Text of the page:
Sure, they might have been able to donate to political campaigns with money from the gun industry, but they could deliver votes based on the membership. Not just members, though, but a lot of non-members who also value gun rights would reference a candidates NRA grade before deciding who to vote for.
That’s been a core part of the gun rights movement.
But hey, this is Talking Points Memo. They also made this leap in “logic.”
LaPierre not only dramatically expanded the NRA’s ties to the gun manufacturers, gun dealers, shooting ranges, and pro-gun magazines, but also maneuvered the organization into a close alliance with white supremacists, white evangelical Christian nationalists, and other extremists aligned within the gun rights movement.
For example, Benjamin Pollack, an active participant in the Tea Party movement, opened the Rapture Guns and Knives store, in North Lakeland, Florida in 2012, to serve “your gun and knife needs til Jesus comes.” Its Facebook page describes it as a “Christian owned Gun and Knife store” and its motto is “Walking by faith with steel in our hands.” Three of the store’s employees — his son Johnny Pollack, his daughter Olivia Pollack, and Joseph Hutchinson — were indicted for participating in the January 6, 2021 insurrection at the Capitol building in Washington, D.C., including for assaulting law enforcement officers. “Our country is being taken away from us,” said Benjamin Pollack. “And if we don’t do something about it, it’ll be gone.”
The Pollack family, fervent Trump supporters, is in sync with LaPierre, who was a regular presence at gatherings of extreme right-wing groups over the years, and whose paranoid warnings about the threat of liberal tyranny were meant to scare Americans into buying more guns and joining the NRA. For example, in a speech at the 2012 Conservative Political Action Conference in Washington, LaPierre said that President Barack Obama was part of a “conspiracy to ensure re-election by lulling gun owners to sleep.” Obama’s plan, he claimed, was to “erase the Second Amendment from the Bill of Rights and excise it from the U.S. Constitution.”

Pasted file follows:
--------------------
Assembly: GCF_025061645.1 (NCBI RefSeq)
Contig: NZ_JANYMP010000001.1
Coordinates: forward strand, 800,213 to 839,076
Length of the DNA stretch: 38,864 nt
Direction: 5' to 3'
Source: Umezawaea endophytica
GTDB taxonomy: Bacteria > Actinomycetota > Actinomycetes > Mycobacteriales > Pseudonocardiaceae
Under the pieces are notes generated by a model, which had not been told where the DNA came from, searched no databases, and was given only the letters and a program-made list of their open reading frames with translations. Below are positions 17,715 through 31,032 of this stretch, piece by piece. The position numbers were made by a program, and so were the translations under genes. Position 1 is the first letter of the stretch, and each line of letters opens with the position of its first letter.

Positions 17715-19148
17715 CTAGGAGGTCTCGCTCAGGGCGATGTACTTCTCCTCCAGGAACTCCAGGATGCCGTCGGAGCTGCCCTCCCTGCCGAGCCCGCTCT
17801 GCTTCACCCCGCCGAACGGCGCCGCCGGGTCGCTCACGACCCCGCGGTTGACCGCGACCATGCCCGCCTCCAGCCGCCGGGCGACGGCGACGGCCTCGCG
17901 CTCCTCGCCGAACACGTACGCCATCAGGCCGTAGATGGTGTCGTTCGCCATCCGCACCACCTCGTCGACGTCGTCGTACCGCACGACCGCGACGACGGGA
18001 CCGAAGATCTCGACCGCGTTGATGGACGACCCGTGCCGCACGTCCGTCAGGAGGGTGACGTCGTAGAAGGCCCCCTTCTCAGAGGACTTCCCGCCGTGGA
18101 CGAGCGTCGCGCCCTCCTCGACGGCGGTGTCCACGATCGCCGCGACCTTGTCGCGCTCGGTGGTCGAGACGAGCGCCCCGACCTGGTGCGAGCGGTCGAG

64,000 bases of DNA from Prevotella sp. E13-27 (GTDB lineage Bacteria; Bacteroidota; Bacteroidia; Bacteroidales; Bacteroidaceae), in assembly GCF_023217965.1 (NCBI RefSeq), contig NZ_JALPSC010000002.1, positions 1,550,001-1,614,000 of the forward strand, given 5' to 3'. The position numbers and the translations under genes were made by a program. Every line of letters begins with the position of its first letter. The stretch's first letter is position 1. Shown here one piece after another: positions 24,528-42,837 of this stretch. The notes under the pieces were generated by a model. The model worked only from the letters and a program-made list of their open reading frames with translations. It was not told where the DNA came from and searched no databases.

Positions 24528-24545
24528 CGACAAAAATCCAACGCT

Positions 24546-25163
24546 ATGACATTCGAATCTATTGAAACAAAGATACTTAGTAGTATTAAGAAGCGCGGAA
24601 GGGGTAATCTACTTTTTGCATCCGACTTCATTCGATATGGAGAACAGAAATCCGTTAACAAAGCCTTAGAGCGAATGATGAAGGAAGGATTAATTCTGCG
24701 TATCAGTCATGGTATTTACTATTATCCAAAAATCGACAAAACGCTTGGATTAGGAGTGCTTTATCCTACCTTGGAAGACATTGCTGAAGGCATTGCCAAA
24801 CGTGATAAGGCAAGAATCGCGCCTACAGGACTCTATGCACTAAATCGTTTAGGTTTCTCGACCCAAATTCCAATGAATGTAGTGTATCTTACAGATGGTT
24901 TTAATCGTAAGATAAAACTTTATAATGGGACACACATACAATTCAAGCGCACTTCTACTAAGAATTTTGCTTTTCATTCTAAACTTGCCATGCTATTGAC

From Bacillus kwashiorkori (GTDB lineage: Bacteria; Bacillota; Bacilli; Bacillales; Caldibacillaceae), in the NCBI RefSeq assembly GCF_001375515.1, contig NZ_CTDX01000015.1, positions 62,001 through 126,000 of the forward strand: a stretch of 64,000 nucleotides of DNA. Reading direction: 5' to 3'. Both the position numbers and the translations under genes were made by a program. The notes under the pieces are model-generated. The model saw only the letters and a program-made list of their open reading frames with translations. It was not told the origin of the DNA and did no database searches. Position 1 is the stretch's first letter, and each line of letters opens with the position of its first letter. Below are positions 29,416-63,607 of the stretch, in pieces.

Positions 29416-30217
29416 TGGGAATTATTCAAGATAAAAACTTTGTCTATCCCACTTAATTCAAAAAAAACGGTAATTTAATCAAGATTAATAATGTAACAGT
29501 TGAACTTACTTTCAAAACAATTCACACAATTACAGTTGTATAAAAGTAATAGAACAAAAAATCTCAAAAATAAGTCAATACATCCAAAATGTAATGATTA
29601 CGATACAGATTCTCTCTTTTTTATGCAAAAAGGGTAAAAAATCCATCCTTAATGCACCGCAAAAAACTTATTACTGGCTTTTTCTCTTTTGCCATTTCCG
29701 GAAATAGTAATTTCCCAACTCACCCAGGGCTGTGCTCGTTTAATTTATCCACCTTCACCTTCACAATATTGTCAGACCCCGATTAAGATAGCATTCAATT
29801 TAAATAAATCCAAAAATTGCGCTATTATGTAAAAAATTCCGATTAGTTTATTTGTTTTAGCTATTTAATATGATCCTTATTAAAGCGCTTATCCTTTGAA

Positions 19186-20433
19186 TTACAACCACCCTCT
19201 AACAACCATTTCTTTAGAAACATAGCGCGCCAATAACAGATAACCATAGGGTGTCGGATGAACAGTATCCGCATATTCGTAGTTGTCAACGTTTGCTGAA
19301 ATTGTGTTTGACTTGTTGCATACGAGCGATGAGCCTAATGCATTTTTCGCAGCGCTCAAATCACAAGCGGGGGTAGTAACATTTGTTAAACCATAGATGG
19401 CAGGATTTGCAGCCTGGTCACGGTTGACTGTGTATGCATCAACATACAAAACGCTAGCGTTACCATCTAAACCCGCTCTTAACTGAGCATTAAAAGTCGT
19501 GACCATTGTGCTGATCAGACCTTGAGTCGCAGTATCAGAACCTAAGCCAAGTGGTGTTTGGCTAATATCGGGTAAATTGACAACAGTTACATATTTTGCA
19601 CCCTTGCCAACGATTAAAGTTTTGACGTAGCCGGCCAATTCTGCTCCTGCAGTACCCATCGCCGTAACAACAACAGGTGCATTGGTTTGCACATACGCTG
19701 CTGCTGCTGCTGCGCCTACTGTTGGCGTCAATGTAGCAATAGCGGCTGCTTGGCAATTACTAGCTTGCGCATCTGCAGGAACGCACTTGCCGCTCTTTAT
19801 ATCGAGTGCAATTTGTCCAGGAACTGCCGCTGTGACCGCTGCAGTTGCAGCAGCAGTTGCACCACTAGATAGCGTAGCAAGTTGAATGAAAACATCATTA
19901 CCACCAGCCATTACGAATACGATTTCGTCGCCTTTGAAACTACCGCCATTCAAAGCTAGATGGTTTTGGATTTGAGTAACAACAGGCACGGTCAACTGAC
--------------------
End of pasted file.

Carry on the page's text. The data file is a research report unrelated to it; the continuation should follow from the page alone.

OK…still waiting to see the white supremacy and other forms of extremism.
Look, if you don’t want to agree with what LaPierre was saying, that’s fine, but you need to provide more to claim that the NRA, under LaPierre’s leadership was “linked” to various forms of right-wing extremism. Especially since we can definitely find anti-gunners supporting Black Lives Matter riots.
Moreover, a lot of people in the gun rights movement didn’t particularly care where LaPierre went to speak. They were worried about protecting our right to keep and bear arms. Remove the threat to that and LaPierre isn’t likely to have been speaking to anyone.
And they never seem to present the blatant and continuous assault on a constitutional right as extremism. The only thing they paint as extremist is the idea of defending that right. It’s insane.
And honestly, it doesn’t get any better.
But at the heart of things, there’s this idea that with Wayne LaPierre out of the way, there’s a chance the NRA can be bullied into silence.
Even if that’s true, it won’t matter.
As the NRA’s legal issues have grown, they’ve moved more and more out of the spotlight. As a result, other groups are picking up the slack left behind. Most notably, the NSSF which represents the gun industry. Contrary to what some may think, the interests of gun rights supporters and the gun industry tend to be pretty aligned for what should be obvious reasons.
But at no point in this piece do I see anything that really shows the writer even tried to understand gun rights advocates, the gun rights movement, or literally anything about this side of the debate. Instead, it pushes an anti-gun narrative and ponders whether the NRA is, in essence, dead as a threat.
If so, they better cry, because the NRA was willing to try to work with the situation and try to compromise to minimize the impact. Everyone else in the gun rights debate will simply fight a war to the knife to protect our rights.